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Pacific Science Center
Officials promoted science as one of the major attractions or “worlds” of the Century 21 Exposition (the 1962 Seattle World’s Fair) from the beginning. To provide science with its justifiably lofty status for a fair dedicated to the future, architect Minoru Yamasaki provided an almost ethereal set of delicate, Gothic-styled steel arches and white buildings surrounding an elevated courtyard for the United States Pavilion. Yamasaki’s design helped lure visitors into an otherworldly space befitting the possibilities of innovation and technology. Today the complex has been recast as the Pacific Science Center and remade with mostly new exhibits exploring the latest theories of the scientific frontier. The architecture—less space age than refined modernist—remains largely intact.
Development of the building emerged as early as 1958, when Seattle Mayor Gordon Clinton met with President Dwight D. Eisenhower to gain federal support for the fair, which, among other imperatives, would promote scientific advancement. Senator Warren Magnuson also advocated for the fair in Congress and met with scientists to promote science at the fair in the late 1950s. A site on the southern edge of the exposition site was eventually granted to the federal government for the construction of what became the United States Science Pavilion. Groundbreaking was on February 22, 1961, and the pavilion was completed the following year with 125 total exhibits—the largest science exhibit in the U.S. at the time.
The pavilion was commissioned in 1959, with Minoru Yamasaki and Associates winning the competition for the design and leading a team that consisted of Naramore, Bain, Brady and Johanson as associate architects; Worthington, Skilling, Helle and Jackson as structural engineers; and Lawrence Halprin as landscape architect. Yamasaki, a Seattle native, appeared on the cover of Time magazine in 1963, with his design for the United States Science Pavilion in the background. After the fair, Yamasaki was the lead architect for two more buildings in Seattle: the IBM Building (1964) and the Rainier Tower (1977). The articulation of the various buildings and their arrangement around a courtyard is believed to have provided a design precedent for what Yamasaki would later translate into a design for the World Trade Center in New York City.
The United States Science “Pavilion” was essentially six different pavilions: all of them rectangular, clear-span structures whose white color was achieved by using white quartzite aggregate for a uniform appearance. The buildings were also nearly windowless with flat roofs. Pre-stressed, precast, T-shaped concrete panels were employed to form the structure of the walls and roofs of each of the buildings, which are bolted or welded together. Corbels supported the precast roof beams. Interior ceilings and walls were exposed so that exhibits could be built independently inside the pavilions, with wood or steel studs and finish materials provided according to the needs of the exhibit. At the time, the buildings were believed to contain the largest single use of precast, pre-stressed concrete structural components in the country.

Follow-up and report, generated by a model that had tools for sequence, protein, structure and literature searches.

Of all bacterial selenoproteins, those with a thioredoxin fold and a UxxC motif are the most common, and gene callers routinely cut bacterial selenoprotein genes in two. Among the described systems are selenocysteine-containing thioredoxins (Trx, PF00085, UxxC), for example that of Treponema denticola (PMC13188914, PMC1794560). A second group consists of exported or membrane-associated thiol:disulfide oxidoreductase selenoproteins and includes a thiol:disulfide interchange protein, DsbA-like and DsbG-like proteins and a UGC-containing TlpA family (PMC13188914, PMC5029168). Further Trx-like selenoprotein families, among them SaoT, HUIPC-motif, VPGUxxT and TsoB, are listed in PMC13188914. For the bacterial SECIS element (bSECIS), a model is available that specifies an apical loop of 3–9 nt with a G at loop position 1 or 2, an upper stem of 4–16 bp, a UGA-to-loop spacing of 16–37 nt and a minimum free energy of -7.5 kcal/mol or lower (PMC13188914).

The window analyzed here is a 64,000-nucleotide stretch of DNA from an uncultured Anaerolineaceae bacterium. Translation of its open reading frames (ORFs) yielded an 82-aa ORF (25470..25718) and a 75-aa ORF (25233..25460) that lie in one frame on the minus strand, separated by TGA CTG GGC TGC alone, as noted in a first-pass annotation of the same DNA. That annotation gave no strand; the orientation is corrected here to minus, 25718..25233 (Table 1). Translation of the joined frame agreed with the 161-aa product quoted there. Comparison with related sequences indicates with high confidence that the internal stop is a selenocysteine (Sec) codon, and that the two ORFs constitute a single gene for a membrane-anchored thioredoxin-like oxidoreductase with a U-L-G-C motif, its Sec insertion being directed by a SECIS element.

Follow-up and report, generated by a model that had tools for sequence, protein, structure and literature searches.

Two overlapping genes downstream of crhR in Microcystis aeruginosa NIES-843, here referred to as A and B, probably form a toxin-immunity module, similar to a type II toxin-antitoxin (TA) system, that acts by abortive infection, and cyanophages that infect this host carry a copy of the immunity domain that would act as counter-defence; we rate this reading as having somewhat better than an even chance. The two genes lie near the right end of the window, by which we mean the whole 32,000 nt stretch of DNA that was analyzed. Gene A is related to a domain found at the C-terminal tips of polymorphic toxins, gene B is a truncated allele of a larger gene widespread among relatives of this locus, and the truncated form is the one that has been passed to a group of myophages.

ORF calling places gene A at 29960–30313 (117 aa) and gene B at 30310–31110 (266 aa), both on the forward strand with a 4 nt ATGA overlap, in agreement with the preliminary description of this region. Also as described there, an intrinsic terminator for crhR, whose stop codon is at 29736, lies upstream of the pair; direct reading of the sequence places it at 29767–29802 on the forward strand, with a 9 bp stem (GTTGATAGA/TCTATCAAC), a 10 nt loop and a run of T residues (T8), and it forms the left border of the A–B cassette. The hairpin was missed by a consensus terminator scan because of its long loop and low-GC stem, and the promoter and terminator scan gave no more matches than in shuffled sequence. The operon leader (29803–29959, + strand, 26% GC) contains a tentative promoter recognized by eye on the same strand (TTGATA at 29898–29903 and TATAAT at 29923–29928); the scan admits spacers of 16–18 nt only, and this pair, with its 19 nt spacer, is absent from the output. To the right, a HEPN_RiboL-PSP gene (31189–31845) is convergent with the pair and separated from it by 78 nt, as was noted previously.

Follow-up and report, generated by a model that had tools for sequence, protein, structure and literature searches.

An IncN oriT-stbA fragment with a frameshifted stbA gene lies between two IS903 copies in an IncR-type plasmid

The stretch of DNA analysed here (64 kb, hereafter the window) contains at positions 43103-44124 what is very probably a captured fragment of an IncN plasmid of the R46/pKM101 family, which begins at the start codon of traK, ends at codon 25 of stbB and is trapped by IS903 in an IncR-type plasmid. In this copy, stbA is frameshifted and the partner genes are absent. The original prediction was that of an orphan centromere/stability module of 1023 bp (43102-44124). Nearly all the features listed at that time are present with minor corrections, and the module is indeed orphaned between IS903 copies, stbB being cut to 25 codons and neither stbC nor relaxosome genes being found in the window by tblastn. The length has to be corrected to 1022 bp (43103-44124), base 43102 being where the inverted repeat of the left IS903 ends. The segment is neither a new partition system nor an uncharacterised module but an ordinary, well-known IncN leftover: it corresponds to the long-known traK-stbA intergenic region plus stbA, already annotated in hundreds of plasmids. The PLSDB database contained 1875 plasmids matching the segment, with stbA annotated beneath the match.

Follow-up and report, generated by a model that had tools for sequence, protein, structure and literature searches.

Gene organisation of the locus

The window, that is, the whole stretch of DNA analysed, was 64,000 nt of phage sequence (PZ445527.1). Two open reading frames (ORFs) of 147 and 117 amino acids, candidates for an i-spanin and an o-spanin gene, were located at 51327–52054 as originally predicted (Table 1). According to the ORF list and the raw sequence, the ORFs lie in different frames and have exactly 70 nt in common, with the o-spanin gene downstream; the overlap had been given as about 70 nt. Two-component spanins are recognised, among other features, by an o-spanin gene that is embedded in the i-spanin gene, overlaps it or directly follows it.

Yet the effect of the pavilion extended far beyond its structure and materials. Yamasaki wished the pavilion to create a distinguished oasis away from the rest of the fair, and arranged the buildings around a raised courtyard. Halprin designed two shallow, rectangular pools, concrete platforms, and a handful of concrete, petal-shaped fountains, which were illuminated at night and elevated slightly above the surface of the pools. A series of evenly spaced trees were placed around the edges, helping to define the space and provide it with a sense of enclosure. Visitors entered the pavilion from the north, where they passed under five soaring, modern “gothic,” lacy steel towers before heading to any of the six buildings holding the various exhibits. The varying heights, dimensions, and attenuated pointed arch motifs on the building facades themselves carried the thin Gothic architectural theme and lent a distinct, consistent design aesthetic for the composition.
The United States Science Pavilion was renamed the Pacific Science Center and reopened only one day after the conclusion of the fair. The complex has experienced a few additions and alterations over the years, none of which have altered the essential character of the 1962 pavilions, the courtyard, or the freestanding arches. Two additions did replace walled garden features on the east and west, however. The Seattle Rotary Discovery Labs were added on the northwest part of the complex in 1996, designed by Callison Architects. The Boeing IMAX Theater and Ackerley Family Exhibit Gallery were added on the east side of the complex in 1998, also designed by Callison. A butterfly pavilion was also added on the eastern side in 1998. Freestanding ticketing kiosks on the north were added for visitors from the Seattle Center, and a southern entry was added for access from Denny Way.
While the vast majority of exhibits from the 1962 fair have long since been removed, the theaters remain—as does the planetarium. Much of the exhibition space, however, is used for traveling exhibits. Over the years, this has included the 1965 NASA lunar rover exhibit; a moon rocks exhibit in 1969; a King Tut exhibit in the 1960s and again in 2013; and the 2007 Dead Sea Scrolls exhibit. Approximately 850,000 people visit the Pacific Science Center each year, and over 36 million people have visited since 1963.
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